D’Arcee Neal is a 29-year old man with cerebral palsy. Returning from a meeting about disability accessibility policy in San Francisco on a United flight last week, flight attendants watched Neal crawl out of his seat and down the aisle to the gangway when he was unable to get a wheelchair due to a mix-up at the gate in D.C.

Neal was forced to crawl because of a policy that dictates that passengers with disabilities must wait for all other passengers to disembark. Neal, whose disability prevented him from using the airplane lavatory, waited more than 30 minutes. He left his seat after repeatedly notifying flight attendants that he needed to use the restroom. 

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It would be reassuring to say that this kind of unfair treatment of people with disabilities is vanishingly rare – but it is not.  And for five decades now, policymakers and movement activists have been fighting to make public transit accessible. 

Accessible transportation was an issue that used to generate bipartisan support in Congress. Republicans and Democrats alike got behind Republican Sen. Bob Dole’s 1986 Air Carriers Access Act. It stipulated that no air carrier may discriminate against any otherwise qualified individual with a disability. Policymakers on both sides of the aisle believed that sympathy and compassion would not be enough in improving the lives of people with disabilities. Real policy change was needed. 

But conservative judicial rulings have taken the bite out of these laws. The Air Carriers Access Act was Congress’ response to the case of Paralyzed Veterans of America v. the Department of Transportation, in which the Supreme Court ruled that disability antidiscrimination legislation did not apply to U.S. commercial air carriers. The result was that the airline industry was largely removed from coverage.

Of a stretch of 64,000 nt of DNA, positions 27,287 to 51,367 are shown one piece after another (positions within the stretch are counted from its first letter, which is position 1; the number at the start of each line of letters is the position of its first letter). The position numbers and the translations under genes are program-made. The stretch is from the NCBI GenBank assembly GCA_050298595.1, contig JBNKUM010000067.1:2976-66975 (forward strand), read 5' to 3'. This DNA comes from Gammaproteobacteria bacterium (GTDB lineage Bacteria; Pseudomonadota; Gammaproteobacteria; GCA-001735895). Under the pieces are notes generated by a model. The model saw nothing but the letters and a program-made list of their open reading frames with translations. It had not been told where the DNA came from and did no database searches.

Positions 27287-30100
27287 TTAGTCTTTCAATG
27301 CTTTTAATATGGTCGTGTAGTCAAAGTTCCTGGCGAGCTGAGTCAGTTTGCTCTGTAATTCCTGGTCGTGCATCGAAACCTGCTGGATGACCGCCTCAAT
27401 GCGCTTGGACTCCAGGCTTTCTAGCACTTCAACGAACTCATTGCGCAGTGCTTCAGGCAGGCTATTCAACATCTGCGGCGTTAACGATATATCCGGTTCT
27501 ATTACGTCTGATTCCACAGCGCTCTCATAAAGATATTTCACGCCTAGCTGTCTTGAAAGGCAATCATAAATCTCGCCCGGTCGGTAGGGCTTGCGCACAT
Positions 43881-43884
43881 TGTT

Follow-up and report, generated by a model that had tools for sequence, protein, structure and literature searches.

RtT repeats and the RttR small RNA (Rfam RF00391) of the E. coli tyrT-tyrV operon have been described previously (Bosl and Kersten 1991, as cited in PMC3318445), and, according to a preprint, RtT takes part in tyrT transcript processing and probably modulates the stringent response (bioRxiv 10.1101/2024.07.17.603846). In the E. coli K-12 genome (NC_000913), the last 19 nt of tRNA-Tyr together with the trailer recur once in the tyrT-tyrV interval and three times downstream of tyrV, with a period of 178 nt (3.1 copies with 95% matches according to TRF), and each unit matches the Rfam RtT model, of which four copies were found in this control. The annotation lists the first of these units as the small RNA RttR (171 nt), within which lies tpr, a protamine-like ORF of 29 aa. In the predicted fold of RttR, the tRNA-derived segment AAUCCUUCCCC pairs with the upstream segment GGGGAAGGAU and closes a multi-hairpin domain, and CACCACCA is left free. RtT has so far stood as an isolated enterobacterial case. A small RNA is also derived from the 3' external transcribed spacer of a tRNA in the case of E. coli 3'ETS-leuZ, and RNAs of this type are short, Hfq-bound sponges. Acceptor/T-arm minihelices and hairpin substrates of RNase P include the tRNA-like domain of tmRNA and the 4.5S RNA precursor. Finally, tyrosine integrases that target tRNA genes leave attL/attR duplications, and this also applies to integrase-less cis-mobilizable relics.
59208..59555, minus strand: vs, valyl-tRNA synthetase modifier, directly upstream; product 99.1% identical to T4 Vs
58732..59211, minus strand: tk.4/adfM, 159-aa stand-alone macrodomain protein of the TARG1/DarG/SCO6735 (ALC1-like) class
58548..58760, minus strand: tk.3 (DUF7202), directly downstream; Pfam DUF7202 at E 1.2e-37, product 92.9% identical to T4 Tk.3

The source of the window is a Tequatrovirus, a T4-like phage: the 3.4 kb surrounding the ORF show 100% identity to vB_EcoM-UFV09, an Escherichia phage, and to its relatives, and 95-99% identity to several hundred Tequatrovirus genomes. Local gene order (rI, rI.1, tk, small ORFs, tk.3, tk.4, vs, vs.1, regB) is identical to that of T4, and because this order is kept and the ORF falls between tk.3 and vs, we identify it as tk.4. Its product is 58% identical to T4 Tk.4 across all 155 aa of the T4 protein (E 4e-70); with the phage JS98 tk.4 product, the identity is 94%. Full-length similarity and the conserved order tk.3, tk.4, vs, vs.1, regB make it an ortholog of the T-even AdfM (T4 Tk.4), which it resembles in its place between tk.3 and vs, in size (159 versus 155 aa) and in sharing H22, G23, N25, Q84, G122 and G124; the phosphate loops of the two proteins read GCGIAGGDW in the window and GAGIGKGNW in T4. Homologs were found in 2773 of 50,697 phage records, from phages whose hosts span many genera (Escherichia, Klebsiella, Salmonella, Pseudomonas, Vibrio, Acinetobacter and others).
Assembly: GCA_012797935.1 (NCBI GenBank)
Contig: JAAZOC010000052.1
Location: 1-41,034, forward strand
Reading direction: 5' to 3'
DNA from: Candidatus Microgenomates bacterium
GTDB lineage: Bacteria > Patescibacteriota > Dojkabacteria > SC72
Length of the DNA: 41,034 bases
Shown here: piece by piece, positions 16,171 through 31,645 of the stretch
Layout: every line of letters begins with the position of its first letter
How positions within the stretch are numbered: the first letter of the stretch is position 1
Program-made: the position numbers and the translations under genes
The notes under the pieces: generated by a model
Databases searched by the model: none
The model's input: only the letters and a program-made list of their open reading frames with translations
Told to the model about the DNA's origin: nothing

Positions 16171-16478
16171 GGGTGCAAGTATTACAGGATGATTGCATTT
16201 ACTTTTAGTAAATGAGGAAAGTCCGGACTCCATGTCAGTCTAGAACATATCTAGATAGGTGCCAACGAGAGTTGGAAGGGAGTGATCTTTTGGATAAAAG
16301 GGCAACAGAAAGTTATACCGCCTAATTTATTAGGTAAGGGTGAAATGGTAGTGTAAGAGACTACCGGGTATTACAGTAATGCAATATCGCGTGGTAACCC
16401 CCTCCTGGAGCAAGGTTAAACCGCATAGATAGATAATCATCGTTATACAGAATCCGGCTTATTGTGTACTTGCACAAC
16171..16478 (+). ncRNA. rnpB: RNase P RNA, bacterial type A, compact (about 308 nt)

Even after the 1990 Americans with Disabilities Act – seen as a clear reaffirmation of Congress’ intent to strengthen disability rights – the Court continued to undermine the law. In 1999, the Supreme Court ruled on a case directly involving United Airlines – this time, on the grounds of disability employment discrimination. The Sutton sisters had severe myopia and were denied employment by the airline because they did not meet United’s minimum vision requirements. The Court, in what many saw as a perverse interpretation of the law, ruled that the Sutton sisters were actually not “disabled enough” to qualify under the ADA because they could easily correct their vision problem. The sisters were “too disabled” for United, and not “disabled enough” for the Courts.

These policy problems must be fixed. If the courts will not fix them, federal lawmakers should – and in the meantime, the airlines should take action on their own. 

Ironically, this month’s Hemispheres – United’s in flight magazine – featured a story titled “No Thanks Necessary.” It’s a story about a caring United customer care disability specialist who called a customer at home after the customer experienced problems related to the use of a wheelchair on a United flight.  

While these acts of kindness are surely appreciated, they do not replace the need for systematic policy implementation to ensure that people with disabilities do not have to rely on individual acts of compassion. 

Pettinicchio is an assistant professor of Sociology at the University of Toronto and a member of the Scholars Strategy Network.